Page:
• A small win reduces importance, reduces demands, and raises perceived skill levels, each of which makes the change more self-sustaining.

Chapter 7: Grow Your People

  • Shrinking the change makes people feel "big" relative to the challenge. Or you can grow the people, giving them strength to act.
  • In the consequences model of decision making, we weigh costs and benefits and make the choice that maximizes our satisfaction.
  • In the identity model, we ask "Who am I?", "What kind of situation is this?", and "What would someone like me do in this situation?"
  • An identity model omits any calculation of costs and benefits.
  • Because identities are central to the way people make decisions, any change effort that violates someone's identity is likely doomed to failure.
  • If someone doesn't aspire to be the person who would make the change you're asking, then you must work hard so they aspire to a different self-image.
  • People are receptive to new identities, and identities "grow" from small beginnings. Start small and build momentum.
  • Even an ultimately successful quest is going to involve failure en route, and your Elephant really hates to fail.
  • People with a fixed mindset avoid challenges, feel threatened by negative feedback, and try not to be seen exerting too much effort.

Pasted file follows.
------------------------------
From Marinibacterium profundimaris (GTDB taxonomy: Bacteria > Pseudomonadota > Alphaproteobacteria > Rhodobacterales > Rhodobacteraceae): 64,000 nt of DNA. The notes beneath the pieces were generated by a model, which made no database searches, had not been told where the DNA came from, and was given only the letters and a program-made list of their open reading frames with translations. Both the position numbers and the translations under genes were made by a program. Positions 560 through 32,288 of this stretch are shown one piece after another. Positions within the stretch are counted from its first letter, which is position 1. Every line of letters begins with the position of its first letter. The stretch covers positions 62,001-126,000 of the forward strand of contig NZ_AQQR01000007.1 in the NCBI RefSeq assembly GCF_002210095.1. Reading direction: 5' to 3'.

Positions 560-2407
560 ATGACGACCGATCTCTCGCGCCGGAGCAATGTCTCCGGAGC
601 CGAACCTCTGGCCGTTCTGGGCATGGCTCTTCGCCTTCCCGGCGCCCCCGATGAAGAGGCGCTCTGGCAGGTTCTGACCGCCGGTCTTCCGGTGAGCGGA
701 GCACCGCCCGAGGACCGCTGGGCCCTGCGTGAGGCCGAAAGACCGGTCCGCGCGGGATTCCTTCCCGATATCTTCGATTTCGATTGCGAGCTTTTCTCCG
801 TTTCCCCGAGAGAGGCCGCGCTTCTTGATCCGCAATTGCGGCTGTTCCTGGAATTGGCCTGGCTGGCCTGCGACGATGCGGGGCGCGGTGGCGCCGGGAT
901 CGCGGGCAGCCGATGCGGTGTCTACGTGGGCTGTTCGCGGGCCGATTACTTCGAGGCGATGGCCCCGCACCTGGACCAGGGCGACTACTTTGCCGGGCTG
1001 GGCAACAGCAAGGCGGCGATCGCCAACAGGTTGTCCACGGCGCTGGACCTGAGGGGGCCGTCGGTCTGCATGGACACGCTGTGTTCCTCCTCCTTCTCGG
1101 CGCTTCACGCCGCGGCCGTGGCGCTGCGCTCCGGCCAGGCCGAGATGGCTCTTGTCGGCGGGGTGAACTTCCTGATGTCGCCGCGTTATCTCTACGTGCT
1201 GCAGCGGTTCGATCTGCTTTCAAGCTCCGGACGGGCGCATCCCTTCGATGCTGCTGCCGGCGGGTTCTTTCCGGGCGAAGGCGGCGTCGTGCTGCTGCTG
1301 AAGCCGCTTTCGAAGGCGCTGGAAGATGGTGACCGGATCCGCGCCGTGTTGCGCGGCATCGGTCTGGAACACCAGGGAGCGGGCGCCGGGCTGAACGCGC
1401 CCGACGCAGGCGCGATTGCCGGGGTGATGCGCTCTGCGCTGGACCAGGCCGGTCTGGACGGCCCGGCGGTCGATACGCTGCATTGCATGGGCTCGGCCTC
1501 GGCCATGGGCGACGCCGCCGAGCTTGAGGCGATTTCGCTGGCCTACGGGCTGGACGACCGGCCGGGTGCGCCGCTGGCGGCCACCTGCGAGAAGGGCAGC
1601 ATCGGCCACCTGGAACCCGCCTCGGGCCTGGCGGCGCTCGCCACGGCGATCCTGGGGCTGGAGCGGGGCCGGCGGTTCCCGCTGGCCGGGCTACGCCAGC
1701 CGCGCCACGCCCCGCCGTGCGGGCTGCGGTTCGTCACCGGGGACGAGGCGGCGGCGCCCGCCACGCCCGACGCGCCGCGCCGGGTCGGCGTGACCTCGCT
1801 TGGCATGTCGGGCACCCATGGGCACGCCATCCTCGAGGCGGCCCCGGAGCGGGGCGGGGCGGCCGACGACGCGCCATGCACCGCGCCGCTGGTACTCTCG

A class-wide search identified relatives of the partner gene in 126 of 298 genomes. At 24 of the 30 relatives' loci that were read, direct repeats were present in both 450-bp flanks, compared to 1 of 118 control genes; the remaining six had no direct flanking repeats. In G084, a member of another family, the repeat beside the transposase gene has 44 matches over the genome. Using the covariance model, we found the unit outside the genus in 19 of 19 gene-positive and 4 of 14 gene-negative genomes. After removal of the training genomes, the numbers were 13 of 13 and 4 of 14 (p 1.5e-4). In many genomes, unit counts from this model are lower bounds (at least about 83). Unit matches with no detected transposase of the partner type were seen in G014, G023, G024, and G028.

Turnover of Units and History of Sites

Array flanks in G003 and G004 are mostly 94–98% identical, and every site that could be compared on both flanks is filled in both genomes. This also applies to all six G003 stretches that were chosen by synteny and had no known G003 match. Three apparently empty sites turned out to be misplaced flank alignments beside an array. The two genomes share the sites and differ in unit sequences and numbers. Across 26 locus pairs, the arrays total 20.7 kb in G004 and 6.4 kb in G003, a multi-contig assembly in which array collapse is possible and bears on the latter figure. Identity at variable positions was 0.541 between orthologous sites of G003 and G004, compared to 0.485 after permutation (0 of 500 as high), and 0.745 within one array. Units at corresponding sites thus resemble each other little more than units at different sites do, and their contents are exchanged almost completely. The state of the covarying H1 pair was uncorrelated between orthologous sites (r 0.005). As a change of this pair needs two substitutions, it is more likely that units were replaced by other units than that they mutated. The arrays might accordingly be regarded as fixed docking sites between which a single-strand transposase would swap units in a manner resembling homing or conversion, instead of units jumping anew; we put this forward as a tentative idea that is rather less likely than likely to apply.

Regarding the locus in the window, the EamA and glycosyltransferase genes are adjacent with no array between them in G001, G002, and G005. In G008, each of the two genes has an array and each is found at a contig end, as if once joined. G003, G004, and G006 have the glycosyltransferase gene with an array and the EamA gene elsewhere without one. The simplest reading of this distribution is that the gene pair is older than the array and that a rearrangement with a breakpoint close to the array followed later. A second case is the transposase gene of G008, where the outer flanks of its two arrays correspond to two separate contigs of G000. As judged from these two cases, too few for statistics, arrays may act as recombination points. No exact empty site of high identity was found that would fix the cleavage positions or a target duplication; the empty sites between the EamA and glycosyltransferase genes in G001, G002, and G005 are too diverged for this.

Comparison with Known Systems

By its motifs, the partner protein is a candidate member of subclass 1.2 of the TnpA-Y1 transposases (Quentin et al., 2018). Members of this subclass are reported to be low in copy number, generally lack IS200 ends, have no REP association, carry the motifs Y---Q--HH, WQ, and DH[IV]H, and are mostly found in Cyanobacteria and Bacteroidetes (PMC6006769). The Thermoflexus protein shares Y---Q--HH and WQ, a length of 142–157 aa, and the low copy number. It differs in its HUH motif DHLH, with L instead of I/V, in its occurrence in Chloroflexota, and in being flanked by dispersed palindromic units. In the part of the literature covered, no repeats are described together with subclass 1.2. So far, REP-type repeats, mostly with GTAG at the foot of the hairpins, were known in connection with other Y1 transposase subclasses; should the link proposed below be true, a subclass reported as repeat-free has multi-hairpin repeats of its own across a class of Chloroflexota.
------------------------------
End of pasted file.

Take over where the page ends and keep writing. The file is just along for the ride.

• People with a growth mindset believe that abilities are like muscles, and that they can be built up with practice.
  • Those with a growth mindset stretch themselves, take risks, accept feedback, and take a long term view. They can't help but progress in their lives and careers.
  • A growth mindset compliment praises effort rather than skill.
  • The business world implicitly rejects the growth mindset. You plan and then execute; practice looks like poor execution.
  • If failure is a necessary part of change, then the way people interpret failure is critical.
  • Although growth mindset seems to draw attention to failure, and even encourages us to seek out failure, it is unflaggingly optimistic.
  • It reframes failure as a natural part of the change process. People only persevere if they perceive falling down as learning, not falling.